Roughly one in 1,209 baby boomers born in California reached Wikipedia. Only one in 4,496 baby boomers born in West Virginia did. Roughly one in 748 baby boomers born in Suffolk County, Mass., which contains Boston, made it to Wikipedia. In some counties, the success rate was 20 times lower.
First, and this surprised me, many of these counties consisted largely of a sizable college town. Just about every time I saw a county that I had not heard of near the top of the list, like Washtenaw, Mich., I found out that it was dominated by a classic college town, in this case Ann Arbor, Mich. The counties graced by Madison, Wis.; Athens, Ga.; Columbia, Mo.; Berkeley, Calif.; Chapel Hill, N.C.; Gainesville, Fla.; Lexington, Ky.; and Ithaca, N.Y., are all in the top 3 percent.
Sci-fi writer Neal Stephenson often mentions the important role of college towns in producing high achieving people like himself. He's a classic WASP College Town-American.
Why is this? Some of it is probably the gene pool: Sons and daughters of professors and graduate students tend to be smart. And, indeed, having more college graduates in an area is a strong predictor of the success of the people born there.
But there is most likely something more going on: early exposure to innovation. One of the fields where college towns are most successful in producing top dogs is music. A kid in a college town will be exposed to unique concerts, unusual radio stations and even record stores.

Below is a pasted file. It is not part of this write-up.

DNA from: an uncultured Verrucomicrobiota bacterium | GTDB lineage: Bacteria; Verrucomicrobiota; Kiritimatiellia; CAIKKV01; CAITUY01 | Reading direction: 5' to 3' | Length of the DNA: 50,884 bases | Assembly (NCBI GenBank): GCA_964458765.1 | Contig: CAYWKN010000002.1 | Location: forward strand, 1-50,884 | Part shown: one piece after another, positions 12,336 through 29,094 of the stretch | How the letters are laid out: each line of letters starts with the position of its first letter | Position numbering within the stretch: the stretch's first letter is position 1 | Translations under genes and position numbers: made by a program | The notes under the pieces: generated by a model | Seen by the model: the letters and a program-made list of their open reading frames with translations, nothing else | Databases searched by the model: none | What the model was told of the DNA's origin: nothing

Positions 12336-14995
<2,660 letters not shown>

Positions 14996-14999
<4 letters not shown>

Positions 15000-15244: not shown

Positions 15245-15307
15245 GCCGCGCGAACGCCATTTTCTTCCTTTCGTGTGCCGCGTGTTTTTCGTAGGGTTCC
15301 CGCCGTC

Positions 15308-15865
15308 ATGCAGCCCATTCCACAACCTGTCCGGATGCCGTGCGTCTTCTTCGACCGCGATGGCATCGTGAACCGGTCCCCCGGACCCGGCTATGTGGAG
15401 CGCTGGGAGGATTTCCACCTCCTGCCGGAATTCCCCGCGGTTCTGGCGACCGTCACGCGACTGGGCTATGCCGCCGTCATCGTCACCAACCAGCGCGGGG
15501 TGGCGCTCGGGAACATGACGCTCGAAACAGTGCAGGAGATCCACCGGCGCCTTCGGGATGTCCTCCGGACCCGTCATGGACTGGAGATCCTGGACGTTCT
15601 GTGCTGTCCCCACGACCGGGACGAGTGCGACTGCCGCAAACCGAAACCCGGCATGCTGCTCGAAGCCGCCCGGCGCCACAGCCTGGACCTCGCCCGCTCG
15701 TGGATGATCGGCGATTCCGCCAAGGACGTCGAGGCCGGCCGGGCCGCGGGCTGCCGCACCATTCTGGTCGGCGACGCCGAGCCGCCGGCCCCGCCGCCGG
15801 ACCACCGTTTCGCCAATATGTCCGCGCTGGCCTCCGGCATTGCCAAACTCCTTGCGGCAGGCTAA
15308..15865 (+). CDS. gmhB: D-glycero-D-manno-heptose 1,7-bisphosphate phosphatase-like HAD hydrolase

When I was in Houston to attend Rice U. in the late 1970s, it was universally acknowledged that Austin, an oversized college town, was much better for popular music than Houston. Heck, I was rock guru at Rice just because I'd go home to L.A., listen to KROQ, then come back and tell people that The Pretenders were going to be big.
Among Baby Boomers, musical talent wasn't that crucial to becoming a rock star -- being in the right place at the right time was important. (I suspect rock bands today tend to be more skilled than in my day -- they have to work harder to make it big because music is less driven by the search for the Next Big Thing.)
College towns also incubate more than their expected share of notable businesspeople.
Tom Wolfe's 1983 profile of Robert Noyce, "the mayor of Silicon Valley," emphasized that he was the son of the Congregationalist chaplin of Grinnell College in Iowa. Wolfe saw in Silicon Valley a sort of Midwestern college town low church Protestant work ethic in contrast to the high church Ivy League Episcopalianism of New York City.
Being born in San Francisco County, New York City or Los Angeles County all offered among the highest probabilities of making it to Wikipedia. (I grouped New York City’s five counties together because many Wikipedia entries did not specify a borough of birth.)